1st Session of 109th - Returned Dec 9
       F4S  mR  cxZ  Myers, William Gerry III (9th Cir)  [Thrice returned/twice renominated]
       --S  --  cxZ  Boyle, Terrence W.       (4th Cir)  [Thrice returned/twice renominated]
       ---  -R  -xZ  Haynes, William James II (4th Cir)  [Thrice returned/twice renominated]
       Dec 16   cxZ  Smith, N. Randy          (9th Cir)  [Thrice returned/twice renominated]

       2nd Session of 109th - Returned Dec 9
       Feb 08   -xZ  Wallace, Michael B.      (5th Cir)  [Thrice returned/twice renominated]
       Jun 28   --Z  Kethledge, Raymond M.    (6th Cir)  [Returned 12/9]
       Jun 28   --Z  Livingston, Debra Ann    (2nd Cir)  [Returned 12/9]
       Jun 28   --Z  Murphy, Steven J. III    (6th Cir)  [Returned 12/9]
       Jun 29   -xZ  Keisler, Peter D.        (D.C. Cir) [Twice returned/once renominated]
       Sep 13   --Z  Hardiman, Thomas M.      (3rd Cir)  [Returned 12/9]
Last updated: December 9, 2006

Owen: Cloture passed 81-18 on May 24. Confirmed 55-43 on May 25.
Brown: Cloture passed 65-32 on June 7. Confirmed 56-43 on June 8.
Pryor: Cloture passed 67-32 on June 8. Confirmed 53-45 on June 9.
Griffin: Confirmed 95-0 on June 9.
McKeague: Confirmed 96-0 on June 9.
Griffith: Confirmed 73-24 on June 14.
Neilson: Confirmed 97-0 on October 27. Died Jan 25, 2006.
Myers: Out of Committee on March 17, 2005, returned to President August 4, 2006, renominated September 5, 2006, returned to President September 29, 2006, renominated November 15, 2006, returned to President December 9, 2006.
Boyle: Out of Committee on June 16, 2005, returned to President August 4, 2006, renominated September 5, 2006, returned to President September 29, 2006, renominated November 15, 2006, returned to President December 9, 2006.
Haynes: First nominated May 9, 2001, renominated Sept 29, 2003, renominated Feb 14, 2005, returned to President August 4, 2006, renominated September 5, 2006, returned to President September 29, 2006, renominated November 15, 2006, returned to President December 9, 2006.
Kavanaugh: Returned to the President on December 22, Renominated on January 25, Out of Committee May 11, Cloture passed 67-30 on May 25, Confirmed 57-36 on May 26.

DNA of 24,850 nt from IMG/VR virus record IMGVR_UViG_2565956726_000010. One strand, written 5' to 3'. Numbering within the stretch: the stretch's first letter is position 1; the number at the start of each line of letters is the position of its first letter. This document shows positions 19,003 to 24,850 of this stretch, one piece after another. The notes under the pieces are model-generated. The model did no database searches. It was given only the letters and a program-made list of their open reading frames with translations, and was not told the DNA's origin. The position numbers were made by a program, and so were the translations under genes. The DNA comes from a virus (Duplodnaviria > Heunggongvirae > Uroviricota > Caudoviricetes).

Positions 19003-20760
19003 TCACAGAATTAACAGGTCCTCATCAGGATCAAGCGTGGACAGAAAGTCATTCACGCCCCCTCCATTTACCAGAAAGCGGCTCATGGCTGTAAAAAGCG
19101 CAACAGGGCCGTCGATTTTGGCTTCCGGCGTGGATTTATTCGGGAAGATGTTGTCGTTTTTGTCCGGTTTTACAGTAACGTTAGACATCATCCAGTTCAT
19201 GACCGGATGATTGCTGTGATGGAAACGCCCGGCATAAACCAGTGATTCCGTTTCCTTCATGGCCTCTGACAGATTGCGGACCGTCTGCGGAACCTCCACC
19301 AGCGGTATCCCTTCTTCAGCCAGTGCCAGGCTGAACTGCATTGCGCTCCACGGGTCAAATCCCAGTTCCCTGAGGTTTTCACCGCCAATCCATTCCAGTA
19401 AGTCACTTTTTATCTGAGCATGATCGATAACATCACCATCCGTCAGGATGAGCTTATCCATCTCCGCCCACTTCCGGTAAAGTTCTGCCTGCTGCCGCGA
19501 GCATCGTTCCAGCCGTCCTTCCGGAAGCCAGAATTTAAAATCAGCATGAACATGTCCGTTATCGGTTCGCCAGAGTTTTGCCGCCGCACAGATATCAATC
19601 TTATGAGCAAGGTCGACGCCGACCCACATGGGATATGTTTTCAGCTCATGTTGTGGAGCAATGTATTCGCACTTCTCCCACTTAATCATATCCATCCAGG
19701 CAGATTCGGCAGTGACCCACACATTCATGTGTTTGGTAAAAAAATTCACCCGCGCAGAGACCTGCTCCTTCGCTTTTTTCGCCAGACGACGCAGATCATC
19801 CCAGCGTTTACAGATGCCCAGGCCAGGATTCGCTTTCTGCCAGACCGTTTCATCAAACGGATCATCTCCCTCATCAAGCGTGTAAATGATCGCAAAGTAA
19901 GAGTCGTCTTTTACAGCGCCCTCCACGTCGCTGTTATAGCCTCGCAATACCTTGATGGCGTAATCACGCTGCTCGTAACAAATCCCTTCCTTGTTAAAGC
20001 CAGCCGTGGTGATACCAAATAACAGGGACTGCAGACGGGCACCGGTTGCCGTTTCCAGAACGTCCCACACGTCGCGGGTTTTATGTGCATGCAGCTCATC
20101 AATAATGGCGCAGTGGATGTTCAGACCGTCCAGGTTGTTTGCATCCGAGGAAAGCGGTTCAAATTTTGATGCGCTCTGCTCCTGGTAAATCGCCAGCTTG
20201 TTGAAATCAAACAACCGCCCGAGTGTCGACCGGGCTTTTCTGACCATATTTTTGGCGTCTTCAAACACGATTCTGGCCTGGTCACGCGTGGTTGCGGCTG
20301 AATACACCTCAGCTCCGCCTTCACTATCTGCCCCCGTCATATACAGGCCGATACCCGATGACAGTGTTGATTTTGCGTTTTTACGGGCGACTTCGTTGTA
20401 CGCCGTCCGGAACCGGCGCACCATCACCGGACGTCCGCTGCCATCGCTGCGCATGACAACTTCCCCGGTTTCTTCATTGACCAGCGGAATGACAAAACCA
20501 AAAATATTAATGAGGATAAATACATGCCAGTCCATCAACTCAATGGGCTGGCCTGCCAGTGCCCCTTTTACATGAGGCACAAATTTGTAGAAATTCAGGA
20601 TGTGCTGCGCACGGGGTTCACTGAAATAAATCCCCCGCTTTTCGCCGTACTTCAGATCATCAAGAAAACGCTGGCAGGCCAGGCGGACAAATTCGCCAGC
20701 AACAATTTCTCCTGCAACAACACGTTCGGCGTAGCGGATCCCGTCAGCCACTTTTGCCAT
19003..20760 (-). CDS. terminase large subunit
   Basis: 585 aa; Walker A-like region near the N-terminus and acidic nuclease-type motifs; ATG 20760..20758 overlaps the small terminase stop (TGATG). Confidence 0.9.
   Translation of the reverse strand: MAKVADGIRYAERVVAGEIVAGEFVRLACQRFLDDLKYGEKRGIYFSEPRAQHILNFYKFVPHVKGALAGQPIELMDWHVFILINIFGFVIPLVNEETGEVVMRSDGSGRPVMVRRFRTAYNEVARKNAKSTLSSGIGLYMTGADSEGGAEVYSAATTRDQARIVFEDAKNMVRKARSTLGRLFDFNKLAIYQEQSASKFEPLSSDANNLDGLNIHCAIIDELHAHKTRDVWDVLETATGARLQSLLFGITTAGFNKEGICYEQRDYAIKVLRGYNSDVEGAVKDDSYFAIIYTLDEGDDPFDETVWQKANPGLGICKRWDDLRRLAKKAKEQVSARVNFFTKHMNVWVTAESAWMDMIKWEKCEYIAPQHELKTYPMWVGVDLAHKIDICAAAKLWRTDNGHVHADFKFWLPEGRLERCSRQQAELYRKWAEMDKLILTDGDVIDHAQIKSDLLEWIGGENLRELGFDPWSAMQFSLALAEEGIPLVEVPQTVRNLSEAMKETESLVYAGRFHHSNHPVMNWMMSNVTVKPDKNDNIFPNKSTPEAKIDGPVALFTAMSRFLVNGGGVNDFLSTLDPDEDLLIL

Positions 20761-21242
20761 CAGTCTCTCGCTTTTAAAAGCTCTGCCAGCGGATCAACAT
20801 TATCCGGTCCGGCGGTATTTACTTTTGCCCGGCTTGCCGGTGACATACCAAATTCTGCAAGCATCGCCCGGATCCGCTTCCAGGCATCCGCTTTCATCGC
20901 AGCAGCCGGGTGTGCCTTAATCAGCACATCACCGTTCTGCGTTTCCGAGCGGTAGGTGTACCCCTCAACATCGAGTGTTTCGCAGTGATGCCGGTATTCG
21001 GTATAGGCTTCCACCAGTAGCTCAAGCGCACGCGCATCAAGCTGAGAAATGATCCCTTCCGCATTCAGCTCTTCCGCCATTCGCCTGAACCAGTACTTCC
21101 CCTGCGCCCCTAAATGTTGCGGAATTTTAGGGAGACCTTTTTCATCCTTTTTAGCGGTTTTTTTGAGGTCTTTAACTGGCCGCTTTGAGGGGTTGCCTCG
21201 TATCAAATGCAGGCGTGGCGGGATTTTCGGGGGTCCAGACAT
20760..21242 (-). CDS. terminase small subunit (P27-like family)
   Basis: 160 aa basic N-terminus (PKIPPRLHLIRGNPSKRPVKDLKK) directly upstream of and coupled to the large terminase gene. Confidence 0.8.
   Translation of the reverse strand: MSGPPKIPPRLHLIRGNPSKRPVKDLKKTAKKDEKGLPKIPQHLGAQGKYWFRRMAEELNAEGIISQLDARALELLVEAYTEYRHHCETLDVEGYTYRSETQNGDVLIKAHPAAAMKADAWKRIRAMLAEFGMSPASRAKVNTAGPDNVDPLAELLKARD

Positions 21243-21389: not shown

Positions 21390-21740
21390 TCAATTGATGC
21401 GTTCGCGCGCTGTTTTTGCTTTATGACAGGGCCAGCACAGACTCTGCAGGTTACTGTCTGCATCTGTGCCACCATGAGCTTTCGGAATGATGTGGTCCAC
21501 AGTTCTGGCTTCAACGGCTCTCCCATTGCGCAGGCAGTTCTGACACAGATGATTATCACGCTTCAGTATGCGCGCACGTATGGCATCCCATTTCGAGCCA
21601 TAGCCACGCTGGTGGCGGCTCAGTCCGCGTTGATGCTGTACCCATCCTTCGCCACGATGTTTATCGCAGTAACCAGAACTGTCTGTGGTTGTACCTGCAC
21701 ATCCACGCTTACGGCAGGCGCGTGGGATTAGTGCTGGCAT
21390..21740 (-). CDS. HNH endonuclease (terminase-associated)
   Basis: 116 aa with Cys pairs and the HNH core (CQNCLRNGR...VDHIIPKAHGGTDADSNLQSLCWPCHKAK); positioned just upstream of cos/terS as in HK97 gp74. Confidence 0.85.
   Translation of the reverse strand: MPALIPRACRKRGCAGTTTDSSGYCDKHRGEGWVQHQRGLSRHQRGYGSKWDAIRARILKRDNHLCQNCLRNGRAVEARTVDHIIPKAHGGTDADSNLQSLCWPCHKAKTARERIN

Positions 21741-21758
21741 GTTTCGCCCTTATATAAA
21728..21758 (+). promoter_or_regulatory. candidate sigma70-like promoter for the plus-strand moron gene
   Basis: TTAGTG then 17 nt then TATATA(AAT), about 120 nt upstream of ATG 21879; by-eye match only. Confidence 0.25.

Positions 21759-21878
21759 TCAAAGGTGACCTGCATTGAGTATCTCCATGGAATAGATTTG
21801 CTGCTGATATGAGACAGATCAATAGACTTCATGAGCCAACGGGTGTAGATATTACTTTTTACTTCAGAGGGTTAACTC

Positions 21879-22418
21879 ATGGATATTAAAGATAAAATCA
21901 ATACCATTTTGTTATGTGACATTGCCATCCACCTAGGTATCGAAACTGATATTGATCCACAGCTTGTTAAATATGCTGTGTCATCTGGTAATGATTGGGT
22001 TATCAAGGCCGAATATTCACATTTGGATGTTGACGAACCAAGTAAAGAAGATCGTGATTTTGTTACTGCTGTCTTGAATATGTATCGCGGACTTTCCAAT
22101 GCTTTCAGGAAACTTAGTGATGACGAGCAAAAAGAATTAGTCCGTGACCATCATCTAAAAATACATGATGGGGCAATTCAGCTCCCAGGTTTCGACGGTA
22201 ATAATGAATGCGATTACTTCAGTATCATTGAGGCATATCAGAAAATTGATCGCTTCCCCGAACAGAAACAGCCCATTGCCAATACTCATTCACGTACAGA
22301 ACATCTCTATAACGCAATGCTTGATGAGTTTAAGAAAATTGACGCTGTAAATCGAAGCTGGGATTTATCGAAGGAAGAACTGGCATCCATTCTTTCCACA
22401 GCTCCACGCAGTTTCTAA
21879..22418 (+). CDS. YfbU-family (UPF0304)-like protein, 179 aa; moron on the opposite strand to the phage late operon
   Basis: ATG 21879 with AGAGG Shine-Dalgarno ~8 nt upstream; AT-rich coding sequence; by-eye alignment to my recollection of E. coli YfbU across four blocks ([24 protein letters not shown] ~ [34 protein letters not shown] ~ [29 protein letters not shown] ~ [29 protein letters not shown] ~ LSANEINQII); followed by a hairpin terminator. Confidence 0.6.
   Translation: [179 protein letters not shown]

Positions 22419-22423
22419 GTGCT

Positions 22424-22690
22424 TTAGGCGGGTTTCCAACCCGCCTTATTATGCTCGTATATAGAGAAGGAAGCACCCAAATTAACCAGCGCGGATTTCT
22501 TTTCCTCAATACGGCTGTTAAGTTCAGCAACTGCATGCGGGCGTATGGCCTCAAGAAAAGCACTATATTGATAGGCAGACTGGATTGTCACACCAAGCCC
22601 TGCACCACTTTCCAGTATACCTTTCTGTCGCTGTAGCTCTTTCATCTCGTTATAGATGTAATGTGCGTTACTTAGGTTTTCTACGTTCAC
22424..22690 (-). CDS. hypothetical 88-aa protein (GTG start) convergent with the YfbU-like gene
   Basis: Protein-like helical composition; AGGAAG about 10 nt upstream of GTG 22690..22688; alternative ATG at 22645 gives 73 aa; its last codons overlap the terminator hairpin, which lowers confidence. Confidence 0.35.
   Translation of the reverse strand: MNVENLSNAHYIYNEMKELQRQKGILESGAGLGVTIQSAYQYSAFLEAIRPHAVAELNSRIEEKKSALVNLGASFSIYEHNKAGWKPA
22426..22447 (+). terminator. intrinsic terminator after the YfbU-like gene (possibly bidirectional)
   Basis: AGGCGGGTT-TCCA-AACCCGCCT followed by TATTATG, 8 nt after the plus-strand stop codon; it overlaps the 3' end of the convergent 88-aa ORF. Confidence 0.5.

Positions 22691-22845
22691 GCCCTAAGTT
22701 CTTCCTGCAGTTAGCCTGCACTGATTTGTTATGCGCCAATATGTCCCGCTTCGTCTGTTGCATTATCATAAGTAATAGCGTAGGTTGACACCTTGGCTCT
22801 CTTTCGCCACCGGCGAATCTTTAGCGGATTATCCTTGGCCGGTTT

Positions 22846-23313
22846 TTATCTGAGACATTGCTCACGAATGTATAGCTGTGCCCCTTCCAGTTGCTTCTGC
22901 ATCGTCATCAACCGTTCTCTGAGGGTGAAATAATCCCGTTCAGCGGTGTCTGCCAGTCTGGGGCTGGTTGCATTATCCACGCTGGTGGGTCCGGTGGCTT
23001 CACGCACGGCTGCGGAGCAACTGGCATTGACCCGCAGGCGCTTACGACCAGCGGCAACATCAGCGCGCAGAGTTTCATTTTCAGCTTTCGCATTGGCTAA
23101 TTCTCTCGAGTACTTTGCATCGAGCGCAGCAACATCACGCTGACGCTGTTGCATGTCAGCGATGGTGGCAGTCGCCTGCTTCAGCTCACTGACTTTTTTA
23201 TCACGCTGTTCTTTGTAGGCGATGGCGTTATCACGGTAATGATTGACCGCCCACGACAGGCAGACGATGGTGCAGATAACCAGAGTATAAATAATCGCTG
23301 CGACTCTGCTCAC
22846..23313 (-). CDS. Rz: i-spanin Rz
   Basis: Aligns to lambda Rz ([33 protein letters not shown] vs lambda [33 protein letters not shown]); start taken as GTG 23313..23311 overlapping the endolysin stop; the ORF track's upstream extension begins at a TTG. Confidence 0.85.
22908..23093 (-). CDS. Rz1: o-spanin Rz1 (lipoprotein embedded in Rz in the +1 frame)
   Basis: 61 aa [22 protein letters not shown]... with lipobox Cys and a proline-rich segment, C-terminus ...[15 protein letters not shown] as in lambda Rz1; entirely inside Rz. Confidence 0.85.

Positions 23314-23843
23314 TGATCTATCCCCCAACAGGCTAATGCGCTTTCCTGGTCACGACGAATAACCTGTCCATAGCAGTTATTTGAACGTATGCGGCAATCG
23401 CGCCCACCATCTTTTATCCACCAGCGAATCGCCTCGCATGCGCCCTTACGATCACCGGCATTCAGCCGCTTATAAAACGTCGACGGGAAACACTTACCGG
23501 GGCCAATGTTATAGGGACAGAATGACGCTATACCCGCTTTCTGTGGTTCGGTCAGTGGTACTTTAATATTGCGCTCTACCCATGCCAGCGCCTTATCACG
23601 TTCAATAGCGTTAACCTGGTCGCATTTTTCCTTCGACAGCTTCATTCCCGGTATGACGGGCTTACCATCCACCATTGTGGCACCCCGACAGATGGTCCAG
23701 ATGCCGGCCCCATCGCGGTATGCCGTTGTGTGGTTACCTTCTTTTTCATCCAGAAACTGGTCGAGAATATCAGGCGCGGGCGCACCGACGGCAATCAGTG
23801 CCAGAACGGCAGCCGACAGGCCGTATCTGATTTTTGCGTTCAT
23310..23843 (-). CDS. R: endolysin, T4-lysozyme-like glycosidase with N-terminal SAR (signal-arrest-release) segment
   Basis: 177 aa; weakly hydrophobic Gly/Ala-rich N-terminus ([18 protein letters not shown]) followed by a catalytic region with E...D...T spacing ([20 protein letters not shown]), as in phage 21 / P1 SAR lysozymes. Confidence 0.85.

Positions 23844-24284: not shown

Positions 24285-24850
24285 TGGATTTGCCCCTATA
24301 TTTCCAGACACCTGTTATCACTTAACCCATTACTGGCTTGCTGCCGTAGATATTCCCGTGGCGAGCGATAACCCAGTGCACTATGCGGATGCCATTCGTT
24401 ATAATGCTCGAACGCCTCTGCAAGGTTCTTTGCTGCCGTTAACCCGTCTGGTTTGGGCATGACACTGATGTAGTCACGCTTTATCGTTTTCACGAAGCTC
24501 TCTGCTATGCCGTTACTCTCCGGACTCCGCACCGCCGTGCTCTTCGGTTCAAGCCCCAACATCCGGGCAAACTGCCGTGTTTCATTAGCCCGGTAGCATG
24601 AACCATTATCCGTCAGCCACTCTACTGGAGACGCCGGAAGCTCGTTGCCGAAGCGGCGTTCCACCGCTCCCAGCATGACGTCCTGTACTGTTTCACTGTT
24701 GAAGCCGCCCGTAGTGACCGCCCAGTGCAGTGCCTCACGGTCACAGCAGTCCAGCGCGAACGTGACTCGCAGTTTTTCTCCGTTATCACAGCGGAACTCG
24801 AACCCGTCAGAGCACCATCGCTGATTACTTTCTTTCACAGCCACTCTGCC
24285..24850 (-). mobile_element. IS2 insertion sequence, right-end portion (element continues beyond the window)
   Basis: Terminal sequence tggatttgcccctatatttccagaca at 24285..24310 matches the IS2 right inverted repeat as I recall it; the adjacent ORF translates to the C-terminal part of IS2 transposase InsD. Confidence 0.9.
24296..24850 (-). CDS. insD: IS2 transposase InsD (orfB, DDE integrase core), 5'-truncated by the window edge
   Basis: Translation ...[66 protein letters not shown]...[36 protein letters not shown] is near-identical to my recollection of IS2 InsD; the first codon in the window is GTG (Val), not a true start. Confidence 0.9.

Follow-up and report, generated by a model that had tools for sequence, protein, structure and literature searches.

Payne: Nominated on September 29. Withdrawn by WH on March 7.
Smith, Randy: Nominated on December 16, Out of Committee May 4, returned to President August 4, 2006, renominated September 5, 2006, Out of Committee September 21, returned to President September 29, 2006, renominated November 15, 2006, returned to President December 9, 2006.
Chagares: Nominated on January 25, Out of Committee March 30. Confirmed 98-0 on April 4.
Wallace: Nominated on February 8 - FR Thread, returned to President August 4, 2006, renominated September 5, 2006, returned to President September 29, 2006, renominated November 15, 2006, returned to President December 9, 2006.
Ikuta: Nominated on February 8, Out of Comittee May 25, Confirmed 81-0 on June 19.
Smith, Milan: Nominated on February 14, Out of Committee May 4, Confirmed 93-0 on May 16.
Holmes: Nominated on May 4, Out of Committee July 13, Confirmed 67-30 on July 25.
Gorsuch: Nominated on May 10, Out of Committee July 13, Confirmed on a voice vote on July 20.
Moore: Nominated on May 18, Out of Committee July 27, Confirmed 92-0 on September 5.
Shepherd: Nominated on May 18, Out of Committee July 13, Confirmed on a voice vote on July 20.
Jordan: Nominated on June 28, Out of Committee September 26, Confirmed 91-00 on December 8.
Kethledge: Nominated on June 28, returned to President December 9, 2006.
Livingston: Nominated on June 28, returned to President December 9, 2006.
Murphy: Nominated on June 28, returned to President December 9, 2006.
Keisler: Nominated on June 29, returned to President September 29, 2006, renominated November 15, 2006, returned to President December 9, 2006.
Hardiman: Nominated on Sept 13, returned to President December 9, 2006.

Additional Reference Material

Saturday, November 11, 2006

Legislative Priorities for the 109th Congress

Update @ November 12

Senator Specter, on CNN Late Edition, indicates that he believes two parts of comprehensive immigration reform should be a priority for the 109th Congress. He has called on Chairman Sensenbrenner to seek agreement and a plan to press forward with legislating two parts of the comprehensive immigration package: